What are FANG Stocks?
FANG Stocks Definition
“FAANG,” is an acronym that refers to a few of the United States’ most prominent tech companies—Facebook, Amazon, Apple, Netflix and Google.
For some time now, FAANG stocks continued growth have captured the attention of stock analysts everywhere.
In the last year alone, each of the 5 FAANG companies reported revenue earnings in the multi-billions, and in the last 5 years each company has seen their stock rise by at least 100%.
What is the Significance of FANG?
The five companies that are encompassed within FAANG are the who’s who of tech companies.
Perhaps most telling of their stature, is the market value they share and the market capitalization they’ve collectively accumulated.
All combined, the FAANGs have accumulated 4.1 trillion dollars worth of market accumulation as of January, 2020. Making FAANG members one of the most popular stocks on the market.
Furthermore, since each of the FAANG stocks are traded on the NASDAQ and are included in the S&P 500, and because the S&P is a broad representation of the market, the movement of the market mirrors the index’s movement.
Together the FAANGs make up close to 15% of the S&P – a staggering figure since the S&P is generally used as an indicator of the status of the United States economy.
So it’s not a stretch to say that FAANG doing well means the US is doing likewise.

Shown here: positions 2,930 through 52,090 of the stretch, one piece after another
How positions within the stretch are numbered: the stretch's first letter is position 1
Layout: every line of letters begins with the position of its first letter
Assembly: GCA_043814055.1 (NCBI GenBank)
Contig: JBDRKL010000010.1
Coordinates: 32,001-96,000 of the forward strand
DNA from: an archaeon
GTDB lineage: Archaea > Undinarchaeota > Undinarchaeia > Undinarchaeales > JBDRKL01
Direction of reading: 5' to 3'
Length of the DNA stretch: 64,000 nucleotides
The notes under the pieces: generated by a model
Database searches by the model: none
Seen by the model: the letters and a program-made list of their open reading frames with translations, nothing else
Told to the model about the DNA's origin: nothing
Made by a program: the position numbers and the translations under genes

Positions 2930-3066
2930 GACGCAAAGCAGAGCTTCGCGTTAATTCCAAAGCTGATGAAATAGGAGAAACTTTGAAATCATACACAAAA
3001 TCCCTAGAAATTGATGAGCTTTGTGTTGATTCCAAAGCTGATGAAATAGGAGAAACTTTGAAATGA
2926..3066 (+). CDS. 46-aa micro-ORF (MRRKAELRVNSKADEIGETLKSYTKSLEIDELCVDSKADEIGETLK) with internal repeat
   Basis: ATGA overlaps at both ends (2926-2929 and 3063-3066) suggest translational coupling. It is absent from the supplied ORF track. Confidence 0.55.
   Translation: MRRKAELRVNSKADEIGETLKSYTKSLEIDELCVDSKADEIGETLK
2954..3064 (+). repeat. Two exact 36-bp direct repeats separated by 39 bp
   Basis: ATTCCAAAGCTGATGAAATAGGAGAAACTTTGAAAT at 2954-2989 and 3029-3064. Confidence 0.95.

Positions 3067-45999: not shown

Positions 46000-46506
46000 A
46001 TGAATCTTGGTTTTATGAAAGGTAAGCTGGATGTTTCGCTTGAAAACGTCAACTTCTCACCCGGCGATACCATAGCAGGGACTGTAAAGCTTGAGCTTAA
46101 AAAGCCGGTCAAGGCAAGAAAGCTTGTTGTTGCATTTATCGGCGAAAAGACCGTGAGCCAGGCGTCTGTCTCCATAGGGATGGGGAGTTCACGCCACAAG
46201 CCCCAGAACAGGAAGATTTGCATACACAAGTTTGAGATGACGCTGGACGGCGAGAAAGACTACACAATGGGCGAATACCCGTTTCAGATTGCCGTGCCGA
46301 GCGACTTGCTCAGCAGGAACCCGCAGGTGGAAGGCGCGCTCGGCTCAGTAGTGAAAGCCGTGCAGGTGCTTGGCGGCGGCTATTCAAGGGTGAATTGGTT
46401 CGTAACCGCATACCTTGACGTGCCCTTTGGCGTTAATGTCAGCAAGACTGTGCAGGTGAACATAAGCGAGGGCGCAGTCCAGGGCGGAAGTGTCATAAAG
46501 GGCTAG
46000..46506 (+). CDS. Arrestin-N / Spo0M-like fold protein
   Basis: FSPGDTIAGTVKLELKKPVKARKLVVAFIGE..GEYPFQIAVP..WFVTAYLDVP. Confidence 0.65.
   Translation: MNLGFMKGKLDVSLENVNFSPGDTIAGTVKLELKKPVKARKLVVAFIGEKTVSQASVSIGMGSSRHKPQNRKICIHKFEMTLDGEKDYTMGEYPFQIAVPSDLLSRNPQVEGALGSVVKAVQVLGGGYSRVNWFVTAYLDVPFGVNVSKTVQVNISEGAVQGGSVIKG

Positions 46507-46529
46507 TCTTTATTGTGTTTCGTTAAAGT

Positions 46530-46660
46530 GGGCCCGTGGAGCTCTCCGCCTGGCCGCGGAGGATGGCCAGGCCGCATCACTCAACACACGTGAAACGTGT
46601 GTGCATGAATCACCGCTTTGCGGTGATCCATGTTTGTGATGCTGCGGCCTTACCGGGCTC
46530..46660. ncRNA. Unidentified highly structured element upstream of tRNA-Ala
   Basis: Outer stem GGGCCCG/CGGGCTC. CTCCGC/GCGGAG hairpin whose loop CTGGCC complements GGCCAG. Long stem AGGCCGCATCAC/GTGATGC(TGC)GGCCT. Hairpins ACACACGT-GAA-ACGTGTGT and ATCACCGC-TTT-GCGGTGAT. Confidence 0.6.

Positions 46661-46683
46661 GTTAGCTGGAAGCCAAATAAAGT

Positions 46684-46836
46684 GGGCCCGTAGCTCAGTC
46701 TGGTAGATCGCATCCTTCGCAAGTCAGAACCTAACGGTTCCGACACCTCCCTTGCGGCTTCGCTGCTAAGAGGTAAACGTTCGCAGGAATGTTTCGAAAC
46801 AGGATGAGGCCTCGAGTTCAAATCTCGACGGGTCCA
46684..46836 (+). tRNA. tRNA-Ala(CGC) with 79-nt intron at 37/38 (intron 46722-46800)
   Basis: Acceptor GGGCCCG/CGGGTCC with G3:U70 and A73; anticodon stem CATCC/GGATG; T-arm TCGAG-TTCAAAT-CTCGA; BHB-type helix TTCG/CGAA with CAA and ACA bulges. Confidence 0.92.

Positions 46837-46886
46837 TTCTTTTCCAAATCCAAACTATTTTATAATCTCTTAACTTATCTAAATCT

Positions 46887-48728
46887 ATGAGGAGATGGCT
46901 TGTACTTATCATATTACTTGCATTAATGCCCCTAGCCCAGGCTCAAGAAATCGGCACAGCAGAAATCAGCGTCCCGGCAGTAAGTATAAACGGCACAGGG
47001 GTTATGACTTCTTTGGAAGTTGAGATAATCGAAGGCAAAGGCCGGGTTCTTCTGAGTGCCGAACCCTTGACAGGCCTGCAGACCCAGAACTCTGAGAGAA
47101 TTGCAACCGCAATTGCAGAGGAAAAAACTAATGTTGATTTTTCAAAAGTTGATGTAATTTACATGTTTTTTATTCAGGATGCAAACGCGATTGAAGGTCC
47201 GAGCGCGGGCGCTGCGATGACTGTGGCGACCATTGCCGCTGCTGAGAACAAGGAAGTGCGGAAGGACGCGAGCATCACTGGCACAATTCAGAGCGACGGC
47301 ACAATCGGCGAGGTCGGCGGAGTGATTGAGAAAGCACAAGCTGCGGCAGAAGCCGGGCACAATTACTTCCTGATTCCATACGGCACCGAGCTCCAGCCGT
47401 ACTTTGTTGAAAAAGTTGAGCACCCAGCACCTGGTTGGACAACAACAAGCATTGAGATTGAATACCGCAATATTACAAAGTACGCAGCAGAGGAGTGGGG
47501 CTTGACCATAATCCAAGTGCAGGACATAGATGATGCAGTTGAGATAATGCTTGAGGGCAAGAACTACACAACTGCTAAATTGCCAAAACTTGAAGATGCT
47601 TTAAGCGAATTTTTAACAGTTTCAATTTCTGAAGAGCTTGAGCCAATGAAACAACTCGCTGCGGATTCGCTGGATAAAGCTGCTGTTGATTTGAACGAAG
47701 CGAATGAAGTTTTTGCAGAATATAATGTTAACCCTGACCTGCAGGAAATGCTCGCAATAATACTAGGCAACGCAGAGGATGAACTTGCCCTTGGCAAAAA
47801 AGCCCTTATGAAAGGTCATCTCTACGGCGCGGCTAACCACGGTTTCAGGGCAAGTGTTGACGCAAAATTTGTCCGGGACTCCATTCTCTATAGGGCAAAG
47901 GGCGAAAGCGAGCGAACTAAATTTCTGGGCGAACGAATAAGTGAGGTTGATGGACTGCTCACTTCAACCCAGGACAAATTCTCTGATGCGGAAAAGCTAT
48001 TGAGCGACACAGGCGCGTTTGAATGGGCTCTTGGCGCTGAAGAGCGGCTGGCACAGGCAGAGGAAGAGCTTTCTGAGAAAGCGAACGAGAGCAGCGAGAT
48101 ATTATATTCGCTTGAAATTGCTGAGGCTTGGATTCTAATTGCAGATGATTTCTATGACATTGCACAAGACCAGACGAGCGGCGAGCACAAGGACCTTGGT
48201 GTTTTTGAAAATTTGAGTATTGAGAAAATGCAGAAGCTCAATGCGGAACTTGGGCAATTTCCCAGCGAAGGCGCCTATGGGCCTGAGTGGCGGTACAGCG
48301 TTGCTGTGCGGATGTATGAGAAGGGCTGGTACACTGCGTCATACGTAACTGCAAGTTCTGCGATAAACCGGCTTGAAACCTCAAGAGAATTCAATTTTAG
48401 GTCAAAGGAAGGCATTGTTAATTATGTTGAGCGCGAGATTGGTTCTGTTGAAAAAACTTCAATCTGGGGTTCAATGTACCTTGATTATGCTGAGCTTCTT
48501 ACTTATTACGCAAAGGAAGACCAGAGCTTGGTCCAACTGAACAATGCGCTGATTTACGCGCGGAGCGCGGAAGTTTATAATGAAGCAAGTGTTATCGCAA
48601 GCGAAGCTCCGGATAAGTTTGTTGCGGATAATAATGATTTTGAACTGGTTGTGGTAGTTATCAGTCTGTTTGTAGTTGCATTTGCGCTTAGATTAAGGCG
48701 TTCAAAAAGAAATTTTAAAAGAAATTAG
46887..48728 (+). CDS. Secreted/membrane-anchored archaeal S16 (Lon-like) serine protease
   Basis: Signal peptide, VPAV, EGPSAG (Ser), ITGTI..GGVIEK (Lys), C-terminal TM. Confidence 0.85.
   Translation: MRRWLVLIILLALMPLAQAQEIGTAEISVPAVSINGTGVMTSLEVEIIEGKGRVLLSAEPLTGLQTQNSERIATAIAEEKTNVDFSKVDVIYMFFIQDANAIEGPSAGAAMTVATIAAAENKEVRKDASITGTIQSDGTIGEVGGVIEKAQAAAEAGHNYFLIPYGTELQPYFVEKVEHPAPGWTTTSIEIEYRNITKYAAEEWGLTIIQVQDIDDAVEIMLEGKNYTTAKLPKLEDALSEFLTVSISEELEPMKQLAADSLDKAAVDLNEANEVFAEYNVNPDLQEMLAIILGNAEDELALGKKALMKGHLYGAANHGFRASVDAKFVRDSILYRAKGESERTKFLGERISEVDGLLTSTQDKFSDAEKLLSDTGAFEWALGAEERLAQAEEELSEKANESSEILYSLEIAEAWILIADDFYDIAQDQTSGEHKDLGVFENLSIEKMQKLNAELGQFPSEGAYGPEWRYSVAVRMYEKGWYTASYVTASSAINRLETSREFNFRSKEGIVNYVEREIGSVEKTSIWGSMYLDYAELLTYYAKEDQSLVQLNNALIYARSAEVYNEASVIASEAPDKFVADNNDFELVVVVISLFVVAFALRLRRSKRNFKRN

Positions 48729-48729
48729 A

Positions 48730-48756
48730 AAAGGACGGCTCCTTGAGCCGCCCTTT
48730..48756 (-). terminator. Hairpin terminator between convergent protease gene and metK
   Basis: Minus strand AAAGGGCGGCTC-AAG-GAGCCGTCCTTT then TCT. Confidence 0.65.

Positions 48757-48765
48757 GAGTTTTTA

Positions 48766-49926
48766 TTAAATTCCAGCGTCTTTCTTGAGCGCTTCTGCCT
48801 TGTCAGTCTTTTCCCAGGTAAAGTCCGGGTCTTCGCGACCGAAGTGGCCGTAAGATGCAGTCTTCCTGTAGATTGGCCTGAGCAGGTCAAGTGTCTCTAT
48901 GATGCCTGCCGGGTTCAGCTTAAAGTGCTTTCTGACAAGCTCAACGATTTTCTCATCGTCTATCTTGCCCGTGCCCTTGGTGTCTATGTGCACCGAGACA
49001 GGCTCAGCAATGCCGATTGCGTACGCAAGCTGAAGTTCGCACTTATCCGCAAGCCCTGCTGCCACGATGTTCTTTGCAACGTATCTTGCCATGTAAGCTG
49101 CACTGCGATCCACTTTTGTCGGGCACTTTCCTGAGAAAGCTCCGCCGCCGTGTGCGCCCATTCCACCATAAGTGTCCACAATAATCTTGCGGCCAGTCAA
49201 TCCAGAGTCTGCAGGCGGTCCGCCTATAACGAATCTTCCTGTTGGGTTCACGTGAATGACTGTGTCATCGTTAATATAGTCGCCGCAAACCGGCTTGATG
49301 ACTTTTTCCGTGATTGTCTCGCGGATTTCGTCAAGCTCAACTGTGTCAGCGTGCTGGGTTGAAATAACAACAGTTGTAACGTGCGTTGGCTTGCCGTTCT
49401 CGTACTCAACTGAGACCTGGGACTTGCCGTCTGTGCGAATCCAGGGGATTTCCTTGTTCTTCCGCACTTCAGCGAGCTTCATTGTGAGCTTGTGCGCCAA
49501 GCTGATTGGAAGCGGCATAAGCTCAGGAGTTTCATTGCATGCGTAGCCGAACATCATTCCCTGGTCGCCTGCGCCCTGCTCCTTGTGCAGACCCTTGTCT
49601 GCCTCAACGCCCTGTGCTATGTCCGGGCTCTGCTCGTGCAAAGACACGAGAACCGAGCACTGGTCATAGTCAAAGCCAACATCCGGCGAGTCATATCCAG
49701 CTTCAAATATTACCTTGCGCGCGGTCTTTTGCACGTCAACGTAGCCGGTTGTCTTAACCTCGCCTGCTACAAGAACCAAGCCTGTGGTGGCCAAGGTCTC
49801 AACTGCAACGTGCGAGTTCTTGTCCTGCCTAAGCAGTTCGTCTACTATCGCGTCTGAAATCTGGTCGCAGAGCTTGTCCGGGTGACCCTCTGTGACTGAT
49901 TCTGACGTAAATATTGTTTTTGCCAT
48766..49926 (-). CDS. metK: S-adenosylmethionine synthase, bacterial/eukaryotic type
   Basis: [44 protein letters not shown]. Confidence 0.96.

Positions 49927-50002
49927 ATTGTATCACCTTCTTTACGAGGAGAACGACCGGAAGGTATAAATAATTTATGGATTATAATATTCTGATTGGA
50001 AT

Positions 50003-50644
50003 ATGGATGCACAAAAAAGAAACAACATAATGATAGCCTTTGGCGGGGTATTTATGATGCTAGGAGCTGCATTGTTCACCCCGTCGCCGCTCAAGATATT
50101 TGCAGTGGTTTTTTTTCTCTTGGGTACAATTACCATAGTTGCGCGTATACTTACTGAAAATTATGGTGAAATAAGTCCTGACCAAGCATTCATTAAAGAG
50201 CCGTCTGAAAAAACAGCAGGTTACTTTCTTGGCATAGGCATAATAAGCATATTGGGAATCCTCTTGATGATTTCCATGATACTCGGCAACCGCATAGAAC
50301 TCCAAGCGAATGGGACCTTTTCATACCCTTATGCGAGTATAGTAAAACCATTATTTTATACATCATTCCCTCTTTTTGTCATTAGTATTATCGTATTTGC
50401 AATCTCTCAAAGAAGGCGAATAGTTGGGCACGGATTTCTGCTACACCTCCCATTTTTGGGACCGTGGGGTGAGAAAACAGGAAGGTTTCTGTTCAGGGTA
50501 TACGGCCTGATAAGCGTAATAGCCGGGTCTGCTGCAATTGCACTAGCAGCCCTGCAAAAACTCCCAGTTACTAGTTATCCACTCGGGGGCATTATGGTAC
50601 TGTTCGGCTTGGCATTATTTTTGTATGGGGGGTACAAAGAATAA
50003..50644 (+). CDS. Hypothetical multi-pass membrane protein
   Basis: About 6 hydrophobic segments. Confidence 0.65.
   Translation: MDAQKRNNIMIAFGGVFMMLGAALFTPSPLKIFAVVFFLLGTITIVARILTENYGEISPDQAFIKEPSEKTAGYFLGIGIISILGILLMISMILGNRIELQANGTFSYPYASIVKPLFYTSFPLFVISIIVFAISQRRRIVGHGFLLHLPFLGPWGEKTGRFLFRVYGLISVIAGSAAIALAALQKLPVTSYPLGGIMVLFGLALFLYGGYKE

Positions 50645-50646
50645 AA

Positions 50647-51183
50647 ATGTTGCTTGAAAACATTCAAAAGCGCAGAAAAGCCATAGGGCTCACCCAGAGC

Future of FANG
Unfortunately, the seemingly unstoppable ascension of FAANG stocks may have to come to an end.
For a short while at least. With a possible recession looming as a result of Covid-19, experts expect FAANG stocks to take a hit.
Which might just mean, for the crafty investor that this is the perfect time to invest. As FAANG stock prices will likely never be lower, and almost assured to rebound once the pandemic ends.
What are FANG Stocks FAQs
About the Author
True Tamplin, BSc, CEPF®
True Tamplin is a published author, public speaker, CEO of UpDigital, and founder of Finance Strategists.
True contributes to his own finance dictionary, Finance Strategists, and has spoken to various financial communities such as the CFA Institute, as well as university students like his Alma mater, Biola University, where he received a bachelor of science in business and data analytics.